Alison said...

I love this story. Good reminder for me.

Annemarie said...

Great job, Mom!
This stuff can be so hard, but a lesson was learned. And what a cute girl that she was so quickly able to get over it and move on. What great friends, too!

Ilene said...

For crying out loud, that is the most heart warming story.

Really, it should be turned into a musical.

Of course the writers of such a show would take liberties with your character. Stage takes everything over the top.

Christie said...

What a perfect ending to this story. I am head over heels in love with your friend and her son. Truly. The world needs more people like them.

Erika said...

there.. had my good cry for the day.

Abbie said...

That really worked out well. I'm glad to know it's not all on our shoulders. That other people step in.

G and G Nut said...

Put that number on the program for the next family reunion, and tell Emma to make sure Brayden comes too. Love you, Emma. Can't wait to hear you sing "Popular"!!
xoxoxo

the wrath of khandrea said...

you should submit this to the friend magazine. i'm not even being sarcastic or anything, which i know may be difficult to grasp.

this story is awesome. does the guy do house calls oustide the greater spokane area?

heidi said...

i may need to journal these thoughts. i too believe in justice. mercy makes me feel weak. i sound like i have bigger issues.
great comparison.

Jenna said...

Wow! So impressed that you stood your ground & then that your friends came over to help her feel better. Sweet! We are going to see Wicked on the 4th - I can't wait - it's my second time.

bloggingchristy said...

That is such a cute story! I bet Emma is great and I WOULD LOVE to hear her sing Popular (obsession with Wicked, I know you understand)!

Paige said...

Would it be too weird to post her performance or a portion on your blog? Because that is so great. I would struggle with that decision too but I'm so impressed by the one you made.

Plus, you didn't have to drag your kids to one more thing at the school. I'm sure you didn't think of that. That's just mean, evil me.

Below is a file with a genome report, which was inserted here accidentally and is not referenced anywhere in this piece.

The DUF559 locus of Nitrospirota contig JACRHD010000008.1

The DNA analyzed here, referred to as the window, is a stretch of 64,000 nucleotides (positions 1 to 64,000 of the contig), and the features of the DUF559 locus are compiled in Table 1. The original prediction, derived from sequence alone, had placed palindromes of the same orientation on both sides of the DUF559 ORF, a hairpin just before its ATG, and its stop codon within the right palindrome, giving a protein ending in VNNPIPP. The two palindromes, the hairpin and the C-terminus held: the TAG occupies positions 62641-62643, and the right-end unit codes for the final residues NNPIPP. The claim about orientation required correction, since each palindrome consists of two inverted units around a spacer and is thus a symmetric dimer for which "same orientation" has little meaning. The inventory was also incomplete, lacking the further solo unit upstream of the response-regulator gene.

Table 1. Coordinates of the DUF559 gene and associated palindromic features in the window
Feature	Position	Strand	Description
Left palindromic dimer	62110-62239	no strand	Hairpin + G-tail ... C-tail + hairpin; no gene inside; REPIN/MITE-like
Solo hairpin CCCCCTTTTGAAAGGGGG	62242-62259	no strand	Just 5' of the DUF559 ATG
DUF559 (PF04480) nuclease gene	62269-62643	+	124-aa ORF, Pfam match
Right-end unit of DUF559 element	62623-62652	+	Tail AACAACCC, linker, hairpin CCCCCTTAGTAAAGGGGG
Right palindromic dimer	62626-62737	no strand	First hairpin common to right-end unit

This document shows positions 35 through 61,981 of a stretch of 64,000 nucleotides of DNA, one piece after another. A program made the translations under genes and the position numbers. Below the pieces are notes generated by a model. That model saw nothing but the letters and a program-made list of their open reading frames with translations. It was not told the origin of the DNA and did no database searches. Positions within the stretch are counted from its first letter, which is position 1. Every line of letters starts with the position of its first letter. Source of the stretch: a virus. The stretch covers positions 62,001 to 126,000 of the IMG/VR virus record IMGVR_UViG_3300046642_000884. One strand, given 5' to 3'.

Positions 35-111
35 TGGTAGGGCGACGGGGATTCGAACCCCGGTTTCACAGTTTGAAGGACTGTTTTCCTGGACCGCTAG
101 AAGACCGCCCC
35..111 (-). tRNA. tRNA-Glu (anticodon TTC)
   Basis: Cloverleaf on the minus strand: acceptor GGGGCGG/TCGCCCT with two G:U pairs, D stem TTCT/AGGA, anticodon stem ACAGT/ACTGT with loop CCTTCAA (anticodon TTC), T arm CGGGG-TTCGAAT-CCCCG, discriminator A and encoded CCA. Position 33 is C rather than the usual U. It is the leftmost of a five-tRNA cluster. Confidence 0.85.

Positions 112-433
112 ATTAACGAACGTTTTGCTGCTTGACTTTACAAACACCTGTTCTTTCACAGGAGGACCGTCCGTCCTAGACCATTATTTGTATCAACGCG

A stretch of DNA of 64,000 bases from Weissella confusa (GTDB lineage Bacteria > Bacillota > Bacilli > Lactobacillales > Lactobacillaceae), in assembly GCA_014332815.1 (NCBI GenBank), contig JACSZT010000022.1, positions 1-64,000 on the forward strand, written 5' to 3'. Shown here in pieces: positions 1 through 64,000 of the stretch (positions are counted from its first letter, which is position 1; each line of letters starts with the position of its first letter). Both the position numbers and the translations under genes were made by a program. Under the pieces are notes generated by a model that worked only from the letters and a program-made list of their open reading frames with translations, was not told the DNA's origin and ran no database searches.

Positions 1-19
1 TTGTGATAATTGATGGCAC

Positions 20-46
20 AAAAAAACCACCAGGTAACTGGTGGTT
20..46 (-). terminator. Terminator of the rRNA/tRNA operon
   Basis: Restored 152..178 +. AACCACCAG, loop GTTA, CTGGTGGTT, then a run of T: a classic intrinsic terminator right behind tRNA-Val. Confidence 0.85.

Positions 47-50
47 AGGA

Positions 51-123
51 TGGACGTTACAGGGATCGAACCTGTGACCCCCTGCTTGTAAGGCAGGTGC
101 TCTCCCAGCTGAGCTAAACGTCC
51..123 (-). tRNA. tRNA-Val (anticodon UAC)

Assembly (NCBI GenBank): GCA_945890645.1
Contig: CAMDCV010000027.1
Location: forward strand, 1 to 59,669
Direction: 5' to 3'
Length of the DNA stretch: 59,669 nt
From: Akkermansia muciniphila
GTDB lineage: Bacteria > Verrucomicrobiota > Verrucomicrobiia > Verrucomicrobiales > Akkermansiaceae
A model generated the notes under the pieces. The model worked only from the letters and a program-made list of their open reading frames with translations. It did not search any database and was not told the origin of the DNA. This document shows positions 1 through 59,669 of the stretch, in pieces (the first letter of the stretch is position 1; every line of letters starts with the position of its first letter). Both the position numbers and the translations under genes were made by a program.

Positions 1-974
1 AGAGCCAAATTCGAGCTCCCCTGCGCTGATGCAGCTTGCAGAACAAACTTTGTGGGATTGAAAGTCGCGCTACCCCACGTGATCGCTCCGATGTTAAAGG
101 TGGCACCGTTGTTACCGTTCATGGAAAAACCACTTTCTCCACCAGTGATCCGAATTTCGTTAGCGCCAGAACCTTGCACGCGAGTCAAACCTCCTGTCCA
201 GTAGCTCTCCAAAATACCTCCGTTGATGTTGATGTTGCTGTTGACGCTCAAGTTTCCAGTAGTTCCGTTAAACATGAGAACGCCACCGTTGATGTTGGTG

That teenager is COOL.

Lauren in GA said...

Brayden and Shelley are amazing people.

...and you are a fantastic mom. I never know how to discern the line between justice and mercy.

The last line here gave me the chills. I have had real life friends make up the difference for me more than once.

I know I have said this before but Emma is a beautiful girl.

Anonymous said...
This comment has been removed by a blog administrator.
Adrianne said...

no video of her singing?? I'm all about logic and totally annoyed that my 2 year old doesn't get it. My children are really going to need the blessing of good neighbors!

Bethany said...

Ohh it's so hard not to lecture when they miss out on a good opportunity.

That Crump family is overflowing with awesomeness. Love them and love that you shared this great story! (what a confidence builder for Emma who can try out next year!)

nurse graham said...

You're right...it is so hard to stick to your guns and let our children learn lessons the hard way.

How awesome for the Crumps to come and still give Emma a chance to perform without you having to seem like you caved or "rescued" her.

Awesome mom with awesome friends. (I can't believe I used "awesome" 3 times in this response. I'm so stuck in the 80's with my lingo).

Tammy said...

You did the right thing. I think its also helpful to reflect and encourage Emma, now at her age, to reflect about what she could have done differently, and perhaps what was so amazing about what the teenager did. I think its important for her to grasp why you did what you did, and how sometimes people do extraordinary things just to be kind. What a nice story after all......and you are a fantastic mom.

Jeanelle said...

Seriously? What a great story! File this away when you forget how amazing a mom you are. And Brayden and Shelley rock. I love hearing stories like this...Emma will never forget this experience, I'll bet.

diane said...

I just love this story.

Now I have the song mercy stuck in my head.